Journalists in several U.S. cities have also reported being targeted.

For many attorneys and asylees, the day that federal forces cleared out a Washington, D.C., plaza so that President Donald Trump could take a picture in front of a church holding a Bible was particularly troubling.

A San Diego woman who won asylum from Libya and who studies political science said she worries about similarities she sees between President Donald Trump’s response and then-leader Muammar Gaddafi’s reaction to protests in her home country in 2011.

The woman, who asked not to be identified out of concern for loved ones back home, said Trump is using divisive language and sending mixed messages, calling for the protesters to not be violent while threatening violence. In Libya, Gaddafi also used violent language and mixed messaging as the country descended into civil war, she said.

She knows other asylees who have been afraid to leave their homes in recent weeks because of the memories the situation brings back.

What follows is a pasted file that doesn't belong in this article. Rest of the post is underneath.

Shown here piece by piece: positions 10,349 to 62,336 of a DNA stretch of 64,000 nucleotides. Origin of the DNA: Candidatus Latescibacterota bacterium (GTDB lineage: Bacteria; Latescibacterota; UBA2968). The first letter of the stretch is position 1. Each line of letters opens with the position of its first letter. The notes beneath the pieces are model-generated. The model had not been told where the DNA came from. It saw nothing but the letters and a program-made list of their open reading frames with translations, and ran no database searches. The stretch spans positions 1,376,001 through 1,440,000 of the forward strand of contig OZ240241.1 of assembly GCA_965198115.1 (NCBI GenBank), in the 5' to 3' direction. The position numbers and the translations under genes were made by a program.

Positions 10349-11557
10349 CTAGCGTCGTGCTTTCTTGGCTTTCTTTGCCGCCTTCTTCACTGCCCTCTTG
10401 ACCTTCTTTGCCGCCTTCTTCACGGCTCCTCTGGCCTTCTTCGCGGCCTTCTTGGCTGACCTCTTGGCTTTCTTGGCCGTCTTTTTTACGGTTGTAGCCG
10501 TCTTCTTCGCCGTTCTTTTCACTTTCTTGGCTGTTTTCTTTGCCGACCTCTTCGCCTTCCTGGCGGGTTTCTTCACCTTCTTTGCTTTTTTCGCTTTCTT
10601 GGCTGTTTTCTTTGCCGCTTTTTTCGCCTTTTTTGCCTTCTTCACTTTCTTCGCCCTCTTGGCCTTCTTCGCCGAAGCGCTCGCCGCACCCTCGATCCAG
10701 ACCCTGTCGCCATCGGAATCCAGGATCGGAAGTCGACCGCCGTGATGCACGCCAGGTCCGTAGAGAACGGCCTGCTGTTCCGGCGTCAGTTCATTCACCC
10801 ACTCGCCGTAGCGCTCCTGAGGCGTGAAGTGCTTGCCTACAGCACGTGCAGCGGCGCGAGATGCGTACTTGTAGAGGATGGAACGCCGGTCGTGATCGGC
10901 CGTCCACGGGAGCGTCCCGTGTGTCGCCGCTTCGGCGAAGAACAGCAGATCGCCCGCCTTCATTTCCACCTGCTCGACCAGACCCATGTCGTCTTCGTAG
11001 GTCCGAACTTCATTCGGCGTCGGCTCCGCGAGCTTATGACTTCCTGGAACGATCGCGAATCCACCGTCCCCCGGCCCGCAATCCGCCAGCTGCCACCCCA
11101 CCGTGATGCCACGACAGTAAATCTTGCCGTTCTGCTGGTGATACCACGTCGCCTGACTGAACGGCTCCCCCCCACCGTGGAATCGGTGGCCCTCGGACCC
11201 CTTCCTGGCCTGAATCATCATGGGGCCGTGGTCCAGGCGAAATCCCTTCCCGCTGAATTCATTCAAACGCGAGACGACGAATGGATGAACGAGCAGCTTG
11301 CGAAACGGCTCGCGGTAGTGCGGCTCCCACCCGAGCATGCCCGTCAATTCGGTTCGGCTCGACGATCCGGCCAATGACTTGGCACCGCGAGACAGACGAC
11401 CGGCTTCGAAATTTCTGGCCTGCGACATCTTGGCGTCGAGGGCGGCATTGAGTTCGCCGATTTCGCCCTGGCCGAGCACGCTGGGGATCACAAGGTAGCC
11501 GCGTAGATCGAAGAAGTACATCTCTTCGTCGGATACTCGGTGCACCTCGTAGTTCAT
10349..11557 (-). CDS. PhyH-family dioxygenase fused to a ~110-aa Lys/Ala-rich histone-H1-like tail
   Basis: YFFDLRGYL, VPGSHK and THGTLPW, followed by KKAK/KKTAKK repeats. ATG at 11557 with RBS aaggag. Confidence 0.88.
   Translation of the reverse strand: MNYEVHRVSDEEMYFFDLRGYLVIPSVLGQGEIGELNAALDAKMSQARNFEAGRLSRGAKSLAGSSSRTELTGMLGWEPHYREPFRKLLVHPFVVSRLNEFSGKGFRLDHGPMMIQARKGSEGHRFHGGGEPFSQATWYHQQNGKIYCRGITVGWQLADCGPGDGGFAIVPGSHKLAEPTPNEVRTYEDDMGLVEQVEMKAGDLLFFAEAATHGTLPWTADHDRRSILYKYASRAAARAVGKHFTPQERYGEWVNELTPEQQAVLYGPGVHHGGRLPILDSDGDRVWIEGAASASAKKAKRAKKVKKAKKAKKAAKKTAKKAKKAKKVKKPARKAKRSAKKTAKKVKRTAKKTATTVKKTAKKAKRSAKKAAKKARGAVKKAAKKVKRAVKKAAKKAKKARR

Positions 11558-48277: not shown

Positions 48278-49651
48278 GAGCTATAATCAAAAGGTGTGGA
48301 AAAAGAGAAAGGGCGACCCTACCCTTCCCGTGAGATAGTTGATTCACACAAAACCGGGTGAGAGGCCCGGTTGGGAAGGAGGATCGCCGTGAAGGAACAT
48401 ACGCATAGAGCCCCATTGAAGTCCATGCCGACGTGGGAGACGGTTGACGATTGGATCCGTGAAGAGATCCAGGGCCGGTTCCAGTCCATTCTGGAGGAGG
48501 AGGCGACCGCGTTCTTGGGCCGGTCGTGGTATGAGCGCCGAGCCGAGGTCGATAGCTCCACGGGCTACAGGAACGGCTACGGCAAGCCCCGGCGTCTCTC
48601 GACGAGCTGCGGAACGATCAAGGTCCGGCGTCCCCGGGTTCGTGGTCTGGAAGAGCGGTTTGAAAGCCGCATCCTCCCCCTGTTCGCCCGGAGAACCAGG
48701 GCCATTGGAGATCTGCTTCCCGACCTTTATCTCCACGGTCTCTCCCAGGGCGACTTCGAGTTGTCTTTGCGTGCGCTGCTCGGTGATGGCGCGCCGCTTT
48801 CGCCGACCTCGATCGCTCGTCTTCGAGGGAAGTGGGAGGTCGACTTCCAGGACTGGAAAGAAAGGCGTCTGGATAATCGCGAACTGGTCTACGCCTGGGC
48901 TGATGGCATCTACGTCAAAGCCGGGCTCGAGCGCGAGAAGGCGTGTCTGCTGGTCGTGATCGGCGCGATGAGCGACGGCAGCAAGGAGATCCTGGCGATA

“It’s really similar here which is depressing for me to see it,” said the woman.

She said the United States government’s actions against protesters will reverberate not only in its relations with foreign leaders but also in the shrinking hopes of people living under oppressive regimes.

China has already used the situation in the United States to push back on criticism of its own handling of protests. Chinese state media tweeted about the United States’ “double standard” on the day before the anniversary of the Tiananmen Square massacre. Meanwhile, a bipartisan movement in the United States is trying to offer refuge to protesters in Hong Kong.